As my regular health physician didn't have any good suggestions for weight loss, and just wanted to feed me pills to control other health issues, I've turned to a naturopath for ideas on how to improve my health. Their focus is on preventative medicine, not pharmaceutical, so for now it's something I'm willing to pursue.Jul 3, 2011 at 3:12 pm #1755669
And it won't harm you to try :-) I hope it works out for you. Us going mostly vegan did amazing things for our cholesterol (both the husband and I) in less than 3 months.Jul 3, 2011 at 4:38 pm #1755687
Xylitol is a very good sugar substitute. We use it in pies, Thai and Vietnamese curries, etc. How are you dealing with your B-12 deficiency? Sublingual B-12 works well.Jul 3, 2011 at 5:59 pm #1755709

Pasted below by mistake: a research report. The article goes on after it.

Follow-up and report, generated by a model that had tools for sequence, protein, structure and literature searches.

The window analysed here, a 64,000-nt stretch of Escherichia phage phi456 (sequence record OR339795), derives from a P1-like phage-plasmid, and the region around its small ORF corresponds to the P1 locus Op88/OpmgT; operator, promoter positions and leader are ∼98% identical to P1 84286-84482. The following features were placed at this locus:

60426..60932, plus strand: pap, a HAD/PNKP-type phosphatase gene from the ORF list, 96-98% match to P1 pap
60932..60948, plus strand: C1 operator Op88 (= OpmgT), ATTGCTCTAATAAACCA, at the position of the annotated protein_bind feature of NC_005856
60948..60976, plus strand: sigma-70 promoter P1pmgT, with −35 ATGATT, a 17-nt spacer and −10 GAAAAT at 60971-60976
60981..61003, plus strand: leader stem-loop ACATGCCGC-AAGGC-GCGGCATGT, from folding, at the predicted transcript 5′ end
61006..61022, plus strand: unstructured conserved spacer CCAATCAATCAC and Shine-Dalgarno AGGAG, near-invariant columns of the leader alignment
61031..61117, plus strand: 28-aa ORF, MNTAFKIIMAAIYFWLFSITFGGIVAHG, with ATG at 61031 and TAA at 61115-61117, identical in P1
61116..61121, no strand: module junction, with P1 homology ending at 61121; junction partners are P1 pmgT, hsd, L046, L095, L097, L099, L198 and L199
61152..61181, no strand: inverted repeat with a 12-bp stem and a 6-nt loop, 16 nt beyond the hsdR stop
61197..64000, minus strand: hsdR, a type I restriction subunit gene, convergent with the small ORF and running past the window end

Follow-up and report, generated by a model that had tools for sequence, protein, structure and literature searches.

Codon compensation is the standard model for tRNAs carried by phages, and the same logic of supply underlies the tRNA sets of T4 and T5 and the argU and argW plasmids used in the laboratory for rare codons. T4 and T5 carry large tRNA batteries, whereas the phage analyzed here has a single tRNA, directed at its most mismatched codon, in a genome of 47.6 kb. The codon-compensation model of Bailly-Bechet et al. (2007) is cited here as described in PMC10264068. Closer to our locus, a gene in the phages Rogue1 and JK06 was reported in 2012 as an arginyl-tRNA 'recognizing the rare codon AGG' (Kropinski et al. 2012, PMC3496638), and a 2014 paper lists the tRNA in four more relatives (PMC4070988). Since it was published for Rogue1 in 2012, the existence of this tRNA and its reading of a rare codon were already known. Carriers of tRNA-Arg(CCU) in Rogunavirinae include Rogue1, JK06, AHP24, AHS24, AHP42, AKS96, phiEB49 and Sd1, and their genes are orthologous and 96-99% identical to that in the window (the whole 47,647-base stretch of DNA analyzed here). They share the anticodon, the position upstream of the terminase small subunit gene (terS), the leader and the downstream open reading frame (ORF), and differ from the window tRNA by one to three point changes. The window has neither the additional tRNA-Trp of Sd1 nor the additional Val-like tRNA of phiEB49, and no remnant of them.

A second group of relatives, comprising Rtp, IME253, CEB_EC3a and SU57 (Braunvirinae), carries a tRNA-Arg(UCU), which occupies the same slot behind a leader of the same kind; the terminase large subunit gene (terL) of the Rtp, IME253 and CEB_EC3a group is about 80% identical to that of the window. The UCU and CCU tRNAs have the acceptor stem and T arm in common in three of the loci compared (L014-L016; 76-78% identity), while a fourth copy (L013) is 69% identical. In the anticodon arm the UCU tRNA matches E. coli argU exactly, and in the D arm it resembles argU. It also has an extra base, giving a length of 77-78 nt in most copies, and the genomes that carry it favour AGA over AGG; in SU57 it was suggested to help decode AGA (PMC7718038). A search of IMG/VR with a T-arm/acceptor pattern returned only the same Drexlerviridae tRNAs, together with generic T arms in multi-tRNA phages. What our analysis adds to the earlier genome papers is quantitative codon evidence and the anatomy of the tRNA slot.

You know, it's funny, but I worry about xylitol. I know people use it just fine, but it's literally toxic to dogs—drops their blood sugar like a stone so they have a hypoglycemic crisis, and it messes up their liver. That makes me think that it could have unintended consequences for people, too. Again, a matter of the veterinarian overgeneralizing. I'm ok with honey, agave, which I know those have calories, but that doesn't bother me.Jul 7, 2011 at 2:23 pm #1756908
Here is a possible solution for your chocolate problem.
They are semi-sweet chocolate chips that are gluten-free, casein-free, soy-free, egg-free, peanut-free, tree-nut-free, and dairy-free. They actually tate fine, and we have used them both as a trail mix ingredient, and in baking (chocolate chip cookies and chocolate mousse). Our local Giant Eagle has them, as does Whole Foods.
(Now, if they would only make them with a hard coating (sugar-free for you of course) they would be almost as good as M&Ms in the trail mix!